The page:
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‘Size-inclusive medicine’ opens doors for patients | Expert Opinion

People who are overweight face stigma even at the doctor's office. Here are some practical steps you can take to demand better care.

Research has long shown that doctors are less likely to respect patients who are overweight or obese, even as nearly three-quarters of adults in the U.S. now fall into one of those categories. (Lydia Zuraw/Kaiser Health News/TNS)
Research has long shown that doctors are less likely to respect patients who are overweight or obese, even as nearly three-quarters of adults in the U.S. now fall into one of those categories. (Lydia Zuraw/Kaiser Health News/TNS)Read moreLydia Zuraw / MCT

If you live in a plus-size body, going to see the doctor can be a uniquely stressful experience.

Over and over again, my patients tell me how stigmatized they feel when visiting the physician’s office. “If you’re overweight, doctors automatically start telling you to lose weight — even if I’m there to talk about a cold!” my patients say.

I’m a primary care physician, and I practice what I call “size-inclusive medicine.” That means I don’t pressure my patients into conversations about weight loss, and I don’t bring up their weight unless it’s something they ask to talk about. Through education and advocacy work, I’m trying to make health care more equitable for everyone, regardless of their body size.

(Like many activists, I also am working to reclaim the word “fat.” You’ll hear me use it in my writing as a neutral term, like being “tall” or having brown hair. It can still be a stigmatizing word, however, so I only use it with my patients if they use it themselves.)

We doctors have a lot of work to do. Health-care settings are some of the least welcoming places for people who have been classified in the overweight or obese categories under the body mass index, which is a measure of weight for height. Historically, BMI has been used to identify risk of disease, but doctors increasingly realize it’s not a good measure of an individual’s health. Still, people with higher BMIs often experience discrimination. And in research on obesity stigma, doctors and nurses are frequently described as some of the worst offenders.

One survey of professionals attending an obesity medicine conference — the very doctors who are supposed to be helping patients with obesity! — found very high-levels of pro-thin, anti-fat bias. And this kind of bias has very real health consequences. In one study, women whose weights would be flagged as obese in medical settings were found to routinely put off gynecologic care, including screening for cervical cancer. A major reason for these delays, researchers found, was feeling disrespected by doctors and nurses about their weight.

It’s clear we need to do better. I know it can be challenging and even scary to question your doctor. But as a physician who is fed up with anti-fat discrimination in health care, I wanted to offer some practical steps that you can take to demand better from your doctors.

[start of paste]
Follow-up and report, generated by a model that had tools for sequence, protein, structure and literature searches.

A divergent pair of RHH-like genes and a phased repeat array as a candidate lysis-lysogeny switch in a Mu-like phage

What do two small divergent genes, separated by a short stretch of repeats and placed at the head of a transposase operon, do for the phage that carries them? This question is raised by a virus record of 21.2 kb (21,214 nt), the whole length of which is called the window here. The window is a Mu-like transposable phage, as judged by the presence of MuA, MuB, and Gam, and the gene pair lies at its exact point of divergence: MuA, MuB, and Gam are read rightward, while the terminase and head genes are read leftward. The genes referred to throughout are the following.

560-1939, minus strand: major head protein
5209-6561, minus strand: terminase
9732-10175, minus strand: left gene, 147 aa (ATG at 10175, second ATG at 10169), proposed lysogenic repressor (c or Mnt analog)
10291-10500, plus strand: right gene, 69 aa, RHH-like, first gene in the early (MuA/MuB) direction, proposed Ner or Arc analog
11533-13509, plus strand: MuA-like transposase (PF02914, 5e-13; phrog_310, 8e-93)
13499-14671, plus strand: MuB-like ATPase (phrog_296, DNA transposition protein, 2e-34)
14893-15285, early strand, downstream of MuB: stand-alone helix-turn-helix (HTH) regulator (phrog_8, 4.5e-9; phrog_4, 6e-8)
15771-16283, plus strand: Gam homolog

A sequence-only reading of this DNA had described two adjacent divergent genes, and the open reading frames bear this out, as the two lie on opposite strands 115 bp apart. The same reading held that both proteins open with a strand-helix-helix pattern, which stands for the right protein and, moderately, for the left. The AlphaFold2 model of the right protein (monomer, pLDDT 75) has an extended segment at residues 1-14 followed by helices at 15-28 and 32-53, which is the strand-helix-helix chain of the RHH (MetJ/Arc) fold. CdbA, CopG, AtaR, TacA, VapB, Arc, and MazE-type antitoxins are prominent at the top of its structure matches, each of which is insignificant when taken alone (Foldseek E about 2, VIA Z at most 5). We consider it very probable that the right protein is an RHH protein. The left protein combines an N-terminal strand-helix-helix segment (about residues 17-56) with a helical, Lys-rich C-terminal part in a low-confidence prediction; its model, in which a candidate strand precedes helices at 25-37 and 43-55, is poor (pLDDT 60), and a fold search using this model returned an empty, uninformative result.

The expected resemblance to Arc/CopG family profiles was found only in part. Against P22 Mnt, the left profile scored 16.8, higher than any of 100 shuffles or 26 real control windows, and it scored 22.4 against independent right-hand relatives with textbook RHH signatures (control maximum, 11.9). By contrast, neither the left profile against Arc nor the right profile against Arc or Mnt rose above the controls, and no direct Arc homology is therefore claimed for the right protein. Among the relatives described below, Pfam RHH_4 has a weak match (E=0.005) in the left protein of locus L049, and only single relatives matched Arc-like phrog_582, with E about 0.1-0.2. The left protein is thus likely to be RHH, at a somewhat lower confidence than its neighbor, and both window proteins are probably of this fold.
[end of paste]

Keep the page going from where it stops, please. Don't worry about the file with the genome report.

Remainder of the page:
1. Do some research. When picking a primary care physician or other doctor, ask around. Do friends and family have recommendations for physicians who are size-inclusive? Some doctors will highlight their commitment to fat-friendly care on their online profiles. You can also search for “health at every size” or “size-inclusive medicine,” both of which are terms providers will use to describe this welcoming approach.

  2. Call ahead. Before your first appointment, call ahead to ask some basic questions about the doctor you’ll be seeing. Do they have experience making people of all body sizes feel welcome? You may not be able to get the doctor on the phone, but the staff members you speak with should be able to answer these questions.

  3. Skip the scale. Many size-inclusive physicians don’t require that their patients get weighed at every visit, since it can trigger disordered thinking about body image. You can tell the medical assistant doing your intake that you’d prefer to not be weighed. If the doctor does need your weight — there are some medical circumstances where having an accurate weight is important — the provider should be willing to talk with you about why. If an updated weight is necessary, you can turn around while being weighed so you don’t see the number, and you can ask the doctor to avoid discussing it.

  4. Lose the gown. Those flimsy paper gowns you’re sometimes asked to wear don’t fit anybody well, but can be particularly stigmatizing if they’re too small for your body. Many times, they aren’t necessary at all. You should feel empowered to continue wearing your normal clothes until the doctor comes in. If undressing for an exam is necessary, you can discuss together the best way to navigate it. Most offices have different sized sheets that can be used to preserve privacy.

  5. Speak up. If you don’t want to talk about weight or body size, tell your doctor. Most doctors will be respectful of your wishes. There can be a power differential between doctor and patient, and communicating your needs can sometimes feel daunting. But I’d like to think that most doctors will be receptive. If they aren’t, time to find someone new.

Obesity stigma is deeply entrenched in the culture of health care, and I appreciate how much courage it takes to speak up for a more thoughtful approach to care. I’m heartened by how grateful my patients are to discover a less weight-focused approach when we work together. We focus on metrics that are more meaningful than BMI, like blood pressure, glucose tolerance, and finding ways to fit in regular exercise. No matter your body size, you deserve a doctor who doesn’t make you feel shamed, and instead empowers you to discover more expansive definitions of health and well-being.

Mara Gordon is an assistant professor of family medicine at Cooper Medical School of Rowan University.